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Why defensive end Anree Saint-Amour is an impact player in 2018

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Anree Saint-Amour is looking to go out on top.

NCAA Football: Pittsburgh at Georgia Tech Jason Getz-USA TODAY Sports

Our 100 Days to Kickoff Series continues with a look at five impact players for the 2018 season. We reach the midpoint of this series with a look at another defensive player who should benefit from this change to a 3-4 defense.


With Georgia Tech making the switch to Nate Woody’s 3-4 defense, there have been a few players who have had to change positions. Many, myself included, expected defensive end Anree Saint-Amour to be one of these players. With his prowess as a pass rusher, the move to rush linebacker seemed like a lock, but he will be staying at defensive end for his final season on the Flats.

While the move — or lack thereof — came as a surprise to some, it could still be a good fit for him.

In the 4-3 (or more accurately, the 4-2-5 that Tech ran), the defensive ends were the primary pass rushers. Switching over to a 3-4, those duties are altered, as the defensive line becomes more of a tool to take up space so the linebackers can make plays.

Given that Tech’s defensive line will be a little bit smaller than a traditional 3-4 defensive line — specifically Saint-Amour — this may prove to be slightly more challenging in year 1 of the new defense. Thankfully, Woody has worked with undersized defensive lines in the past, albeit the level of competition was different.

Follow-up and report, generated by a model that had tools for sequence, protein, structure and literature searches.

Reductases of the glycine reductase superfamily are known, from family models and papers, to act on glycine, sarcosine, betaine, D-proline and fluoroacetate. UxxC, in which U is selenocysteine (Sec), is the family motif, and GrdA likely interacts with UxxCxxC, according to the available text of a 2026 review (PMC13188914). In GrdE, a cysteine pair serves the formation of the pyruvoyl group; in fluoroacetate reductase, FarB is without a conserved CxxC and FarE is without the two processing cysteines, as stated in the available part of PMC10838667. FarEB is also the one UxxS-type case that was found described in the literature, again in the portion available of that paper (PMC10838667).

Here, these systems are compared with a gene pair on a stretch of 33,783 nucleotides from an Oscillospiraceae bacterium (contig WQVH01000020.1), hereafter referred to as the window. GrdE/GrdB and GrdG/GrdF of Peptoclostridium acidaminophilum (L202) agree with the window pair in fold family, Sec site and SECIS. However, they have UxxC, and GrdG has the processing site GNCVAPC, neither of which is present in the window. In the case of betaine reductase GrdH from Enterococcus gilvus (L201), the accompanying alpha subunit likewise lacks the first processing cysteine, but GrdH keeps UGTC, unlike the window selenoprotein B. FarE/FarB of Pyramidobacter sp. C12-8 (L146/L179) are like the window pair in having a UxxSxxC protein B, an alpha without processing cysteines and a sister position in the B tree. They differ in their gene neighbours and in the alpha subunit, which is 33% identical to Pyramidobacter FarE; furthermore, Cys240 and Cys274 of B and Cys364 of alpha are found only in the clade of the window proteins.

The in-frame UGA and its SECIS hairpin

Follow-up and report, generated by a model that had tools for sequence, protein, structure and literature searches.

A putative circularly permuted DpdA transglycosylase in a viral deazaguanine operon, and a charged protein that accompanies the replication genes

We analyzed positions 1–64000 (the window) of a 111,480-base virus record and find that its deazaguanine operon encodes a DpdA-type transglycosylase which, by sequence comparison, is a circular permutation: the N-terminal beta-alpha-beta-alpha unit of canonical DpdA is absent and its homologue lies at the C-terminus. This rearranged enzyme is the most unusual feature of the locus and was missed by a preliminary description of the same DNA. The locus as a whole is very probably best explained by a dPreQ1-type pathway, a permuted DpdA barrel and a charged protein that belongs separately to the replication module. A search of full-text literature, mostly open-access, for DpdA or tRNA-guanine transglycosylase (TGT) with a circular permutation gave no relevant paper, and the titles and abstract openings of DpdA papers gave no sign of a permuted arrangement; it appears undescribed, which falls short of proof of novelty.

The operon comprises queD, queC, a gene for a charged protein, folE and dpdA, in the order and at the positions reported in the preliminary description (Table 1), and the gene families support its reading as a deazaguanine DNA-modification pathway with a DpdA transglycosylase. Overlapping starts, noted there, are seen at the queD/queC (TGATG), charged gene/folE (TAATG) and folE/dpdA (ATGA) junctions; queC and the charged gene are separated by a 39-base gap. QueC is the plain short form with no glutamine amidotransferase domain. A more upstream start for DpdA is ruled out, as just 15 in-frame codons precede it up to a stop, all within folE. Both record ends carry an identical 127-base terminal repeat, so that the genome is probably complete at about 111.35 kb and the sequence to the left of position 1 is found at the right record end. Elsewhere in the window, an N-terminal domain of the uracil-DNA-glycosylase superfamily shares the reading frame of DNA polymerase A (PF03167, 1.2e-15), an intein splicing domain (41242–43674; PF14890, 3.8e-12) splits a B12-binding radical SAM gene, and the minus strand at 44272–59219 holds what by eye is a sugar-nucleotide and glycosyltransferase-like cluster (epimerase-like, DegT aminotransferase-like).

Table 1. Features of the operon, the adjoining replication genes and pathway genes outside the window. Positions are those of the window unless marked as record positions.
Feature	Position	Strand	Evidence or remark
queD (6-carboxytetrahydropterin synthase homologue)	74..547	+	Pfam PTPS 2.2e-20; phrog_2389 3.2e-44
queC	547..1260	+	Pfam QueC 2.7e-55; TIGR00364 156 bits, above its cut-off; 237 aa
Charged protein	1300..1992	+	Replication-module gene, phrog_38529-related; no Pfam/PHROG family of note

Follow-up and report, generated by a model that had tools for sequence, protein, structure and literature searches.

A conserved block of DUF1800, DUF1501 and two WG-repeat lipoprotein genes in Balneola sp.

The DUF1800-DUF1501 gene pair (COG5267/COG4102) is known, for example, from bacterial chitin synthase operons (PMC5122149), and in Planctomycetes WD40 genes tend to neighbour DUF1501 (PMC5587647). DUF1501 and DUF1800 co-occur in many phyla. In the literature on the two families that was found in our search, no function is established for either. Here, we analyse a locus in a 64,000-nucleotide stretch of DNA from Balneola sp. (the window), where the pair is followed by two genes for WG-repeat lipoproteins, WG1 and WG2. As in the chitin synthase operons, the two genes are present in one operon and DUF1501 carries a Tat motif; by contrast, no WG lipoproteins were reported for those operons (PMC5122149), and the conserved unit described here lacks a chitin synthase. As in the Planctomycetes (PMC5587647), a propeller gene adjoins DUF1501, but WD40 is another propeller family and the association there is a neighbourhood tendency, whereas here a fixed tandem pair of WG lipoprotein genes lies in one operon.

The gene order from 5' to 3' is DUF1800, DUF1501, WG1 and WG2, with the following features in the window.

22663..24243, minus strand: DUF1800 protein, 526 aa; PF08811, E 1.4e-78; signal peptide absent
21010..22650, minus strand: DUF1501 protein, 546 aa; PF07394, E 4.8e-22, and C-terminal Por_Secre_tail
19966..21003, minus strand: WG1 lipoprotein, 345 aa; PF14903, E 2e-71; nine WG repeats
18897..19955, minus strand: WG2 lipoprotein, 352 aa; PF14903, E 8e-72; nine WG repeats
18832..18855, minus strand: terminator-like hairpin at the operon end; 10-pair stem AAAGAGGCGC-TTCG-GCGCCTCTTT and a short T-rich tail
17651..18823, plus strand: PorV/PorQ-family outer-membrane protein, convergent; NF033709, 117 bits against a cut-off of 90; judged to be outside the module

Looking at an explanation of his 3-4 defense (please note that Woody wrote this during his time at Wofford), a smaller, quicker end is actually what Wood prefers.

Using 3-4 personnel allowed us to put faster defenders on the field. For example, our defensive ends align over the offensive tackles. They rarely get double teamed so the higher priority for us is their quickness. Quick hands and feet make better pass rushers. Many of the offensive linemen we play against today are three hundred pounds or more. This past season our defensive ends weighed two hundred and thirty pounds. Their speed and quickness allowed us to not only rush the passer better but to gain leverage vs. cutoff or reach blocks. We get off those blocks quicker than if we played with heavier, slower footed defensive linemen. Our pursuit against scrambling QB’s and receiver screens is better with athletic type ends that can run and almost always their stamina into the fourth quarter is better than a bigger lineman. I don’t believe a bigger defensive end that weighs an additional thirty or forty pounds will put fear into an opposing lineman. An offensive lineman fears the guy that is too quick and athletic to block. No doubt the bigger and stronger you can get an athletic, quick end the better, but everyone is looking for that type of guy. If you settle for a smaller frame then you need to help him vs. the combination or double team blocks. We do this by not asking him to play down in the gap between the guard and tackle where he may be double teamed and knocked off the line into a scraping linebacker. We align him in a head up position on the tackle where double teams are less likely to happen.

While I don’t know exactly how this will translate to an FBS team, it sounds intriguing if it works. Saint-Amour is definitely on the lighter side and has the athleticism that Woody describes.

In obvious passing situations, I think we’ll see Tech use more of a 2-4-5 alignment, which would allow Saint-Amour to be in a better situation to rush the passer, given his skill set. Given the more aggressive nature of Woody’s defense compared to Ted Roof’s, that will also result in more opportunities for Saint-Amour to make some plays.

Saint-Amour has a great opportunity this year to show NFL scouts what he can do. He’s shown promise every year he’s been here on the Flats, and with a solid year of production in his senior season, you could start to see him move up some draft boards.

Here’s to a great senior season!

Days to Kickoff: 87